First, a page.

Taxes

Understand These Tax Breaks When Buying a Home

*Updated for tax season 2021 and 2022.

Buying a home can help lower your tax bill in certain circumstances. In fact, tax breaks for homeownership are a primary motivation for many people to buy their own homes.

To get the maximum tax benefit from your home purchase, it’s important to understand what options are available to you.

Here are some potential tax deductions for homeowners to keep in mind when purchasing a home.

Property tax deduction and mortgage interest deduction

Your house payment includes both interest and principal payments. You may also pay insurance and property tax payments to an escrow account managed by your mortgage holder. Your mortgage holder, in turn, pays your home insurance and property taxes when they’re due. When required, you may also pay other charges, like insurance premiums.

If you itemize your deductions, you can generally take a tax deduction for the home mortgage interest paid to your bank or another lender. Due to the Tax Cuts and Jobs Act, the amount you can deduct depends on when you bought your house. If you purchased your home after Dec. 15, 2017, you could deduct interest on the first $750,000 of your mortgage. Homeowners who bought houses or entered a binding written contract before that date can deduct interest paid on the first $1 million.

You can also deduct the property and real estate taxes you pay during the tax year. Again, you can only take this tax deduction if you itemize by using Schedule A. Filers can deduct up to $10,000 in property and income or sales tax on their returns for the current tax season. This can also apply to taxes paid on other property such as cars, RVs, boats, land, second homes, or vacation homes.

Private mortgage insurance premiums are deductible

Private mortgage insurance (PMI) is coverage your lender may require you to buy if you put less than a 20 percent down payment when purchasing your home. PMI protects the lender against your default. If you itemize and the insurance contract was issued after 2006, you can deduct your PMI.

Once your adjusted gross income (AGI) exceeds $100,000, the deduction starts to phase out ($50,000 for married filing separately). The phaseout requires you to subtract 10 percent from the total premium amount you paid for each $1,000 of your income that exceeds $100,000 (or $50,000 for married filing separately). The deduction is eliminated if your AGI is above $109,000 ($54,500 if married filing separately).

Remember, your total itemized deductions only benefit you if they are greater than the standard deduction. If you take the standard deduction when you file your return, you won’t be able to deduct your mortgage interest, property taxes, or PMI premiums.

For tax years 2021 and 2022, the standard deductions by filing status are:

Filing Status

2021 Standard Deduction

2022 Standard Deduction

Single

$12,550

$12,950

Head of household

$18,800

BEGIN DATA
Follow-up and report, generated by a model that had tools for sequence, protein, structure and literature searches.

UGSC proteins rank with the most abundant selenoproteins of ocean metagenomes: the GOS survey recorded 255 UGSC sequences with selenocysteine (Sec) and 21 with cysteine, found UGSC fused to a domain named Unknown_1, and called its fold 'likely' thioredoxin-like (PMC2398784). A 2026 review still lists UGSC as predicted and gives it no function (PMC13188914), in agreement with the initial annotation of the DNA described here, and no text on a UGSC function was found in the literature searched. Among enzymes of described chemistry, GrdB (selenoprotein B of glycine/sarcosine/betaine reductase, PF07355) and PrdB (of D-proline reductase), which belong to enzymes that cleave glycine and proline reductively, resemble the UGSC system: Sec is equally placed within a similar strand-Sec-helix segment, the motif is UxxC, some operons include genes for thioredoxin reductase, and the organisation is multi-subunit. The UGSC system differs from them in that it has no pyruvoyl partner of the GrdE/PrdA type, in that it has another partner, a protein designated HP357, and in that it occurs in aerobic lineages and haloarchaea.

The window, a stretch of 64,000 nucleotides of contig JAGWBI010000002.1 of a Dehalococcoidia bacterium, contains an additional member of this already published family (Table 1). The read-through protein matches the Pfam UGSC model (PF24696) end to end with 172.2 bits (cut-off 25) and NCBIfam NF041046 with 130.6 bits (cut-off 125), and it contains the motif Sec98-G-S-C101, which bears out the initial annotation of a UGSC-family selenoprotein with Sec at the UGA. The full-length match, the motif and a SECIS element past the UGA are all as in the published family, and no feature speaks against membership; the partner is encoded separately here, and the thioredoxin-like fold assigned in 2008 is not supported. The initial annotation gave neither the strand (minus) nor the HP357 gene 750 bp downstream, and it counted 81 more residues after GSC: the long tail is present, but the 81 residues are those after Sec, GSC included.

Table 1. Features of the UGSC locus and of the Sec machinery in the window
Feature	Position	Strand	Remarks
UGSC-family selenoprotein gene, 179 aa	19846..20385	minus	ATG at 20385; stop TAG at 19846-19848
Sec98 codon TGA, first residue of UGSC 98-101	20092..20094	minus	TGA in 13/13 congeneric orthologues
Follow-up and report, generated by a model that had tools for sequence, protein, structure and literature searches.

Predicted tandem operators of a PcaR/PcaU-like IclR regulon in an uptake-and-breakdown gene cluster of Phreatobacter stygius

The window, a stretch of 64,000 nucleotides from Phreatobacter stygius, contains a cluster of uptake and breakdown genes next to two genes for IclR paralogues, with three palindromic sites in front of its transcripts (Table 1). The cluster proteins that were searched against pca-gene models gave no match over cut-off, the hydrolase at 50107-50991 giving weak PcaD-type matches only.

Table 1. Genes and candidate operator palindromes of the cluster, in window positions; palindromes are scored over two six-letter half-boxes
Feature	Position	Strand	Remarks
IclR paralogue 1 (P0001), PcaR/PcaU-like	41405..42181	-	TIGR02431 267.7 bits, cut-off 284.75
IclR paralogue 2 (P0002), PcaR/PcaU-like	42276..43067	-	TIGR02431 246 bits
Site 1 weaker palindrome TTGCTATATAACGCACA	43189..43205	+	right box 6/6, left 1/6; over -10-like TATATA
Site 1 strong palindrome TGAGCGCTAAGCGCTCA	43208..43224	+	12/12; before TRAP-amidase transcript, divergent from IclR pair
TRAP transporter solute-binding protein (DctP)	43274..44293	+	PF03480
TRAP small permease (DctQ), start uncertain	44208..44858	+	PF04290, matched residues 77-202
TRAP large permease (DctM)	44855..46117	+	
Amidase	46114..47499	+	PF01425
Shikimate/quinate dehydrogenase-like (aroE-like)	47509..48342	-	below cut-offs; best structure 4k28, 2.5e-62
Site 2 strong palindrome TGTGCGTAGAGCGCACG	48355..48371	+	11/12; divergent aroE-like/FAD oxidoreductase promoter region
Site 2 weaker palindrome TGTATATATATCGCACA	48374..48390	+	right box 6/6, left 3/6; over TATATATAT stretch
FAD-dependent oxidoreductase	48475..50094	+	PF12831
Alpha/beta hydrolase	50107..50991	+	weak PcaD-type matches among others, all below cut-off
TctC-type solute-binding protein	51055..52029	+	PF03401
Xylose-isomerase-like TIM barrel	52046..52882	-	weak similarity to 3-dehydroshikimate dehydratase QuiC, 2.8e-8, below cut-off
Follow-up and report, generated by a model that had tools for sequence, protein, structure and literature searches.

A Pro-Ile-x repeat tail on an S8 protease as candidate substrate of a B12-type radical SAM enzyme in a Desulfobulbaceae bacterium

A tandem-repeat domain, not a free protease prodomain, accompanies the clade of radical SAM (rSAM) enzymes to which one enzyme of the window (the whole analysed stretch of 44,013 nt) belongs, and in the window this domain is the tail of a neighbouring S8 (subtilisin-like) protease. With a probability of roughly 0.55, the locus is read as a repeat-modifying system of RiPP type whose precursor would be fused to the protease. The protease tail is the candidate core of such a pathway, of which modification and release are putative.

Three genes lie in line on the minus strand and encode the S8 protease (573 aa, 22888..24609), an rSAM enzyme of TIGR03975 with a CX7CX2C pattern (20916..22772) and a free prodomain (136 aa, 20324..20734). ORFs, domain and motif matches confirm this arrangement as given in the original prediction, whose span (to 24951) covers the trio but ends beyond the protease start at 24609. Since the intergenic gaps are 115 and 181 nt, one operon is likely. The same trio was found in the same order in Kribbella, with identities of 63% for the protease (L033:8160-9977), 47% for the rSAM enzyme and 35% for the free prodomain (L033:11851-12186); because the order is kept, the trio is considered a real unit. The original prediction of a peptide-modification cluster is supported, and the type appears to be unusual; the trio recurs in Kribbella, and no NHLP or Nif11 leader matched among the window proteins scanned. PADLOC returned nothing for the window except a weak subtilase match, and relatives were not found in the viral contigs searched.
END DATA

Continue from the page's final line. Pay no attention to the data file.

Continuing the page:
$19,400

Married filing jointly or qualifying widow(er) with dependent child

$25,100

$25,900

Married filing separately

$12,550

$12,950

Note: The standard deduction is higher if you are blind or at least 65 years of age.

Residential energy tax credit

Once you’re a homeowner, you have an opportunity to claim a tax credit if you install energy-saving home improvements such as solar panels, wind turbines, or geothermal heat systems. The residential energy tax credit is worth up to 26 percent of the installation cost.

Since this is a tax credit and not a deduction, it’s more valuable. While tax deductions reduce your taxable income, tax credits reduce your taxes dollar for dollar. Anyone who qualifies can take advantage of this tax credit, while the other home deductions we’ve discussed require itemizing your deductions on your income tax return.

Don’t overbuy a house to gain tax benefits for homeowners

No tax deductions justify buying a home significantly outside of your budget. A house is only a good investment if you can comfortably afford each month’s mortgage payments.

Make sure you buy a house you can afford without undue financial stress. Tax breaks aren’t a good reason to purchase a home, especially since most tax advantages are only beneficial if you itemize.

And don’t forget, the home purchase price is only part of it — make sure you also factor in any closing costs, moving expenses, property taxes, insurance, and home maintenance costs.

Consider all the reasons you want to buy a new home before you do it

Buying a home can be a great way to build equity and eventually own a property. Owning your house protects you from certain unpleasant circumstances such as a landlord raising your rent or selling your house out from under you.

Plus, the freedom that comes with homeownership makes any house feel more like a home. Paint that kitchen any color you want — you don’t need a landlord’s permission!

Still, owning a home isn’t all sunshine and rainbows. If a pricey appliance breaks down or your roof needs to be replaced, you’ll be on the hook to cover those costs.

The tax benefits of buying a house help tip the scales toward homeownership if you itemize, and a home is generally a good investment for your future. But ultimately, your unique financial situation will determine if it’s time to buy a house or keep renting.

While buying a home is often a great investment, be sure to consider all the economic and noneconomic reasons you want to buy a house before signing on the dotted line. The choice to purchase a home is one of the most important decisions of your financial life — make sure you know what you’re getting into!

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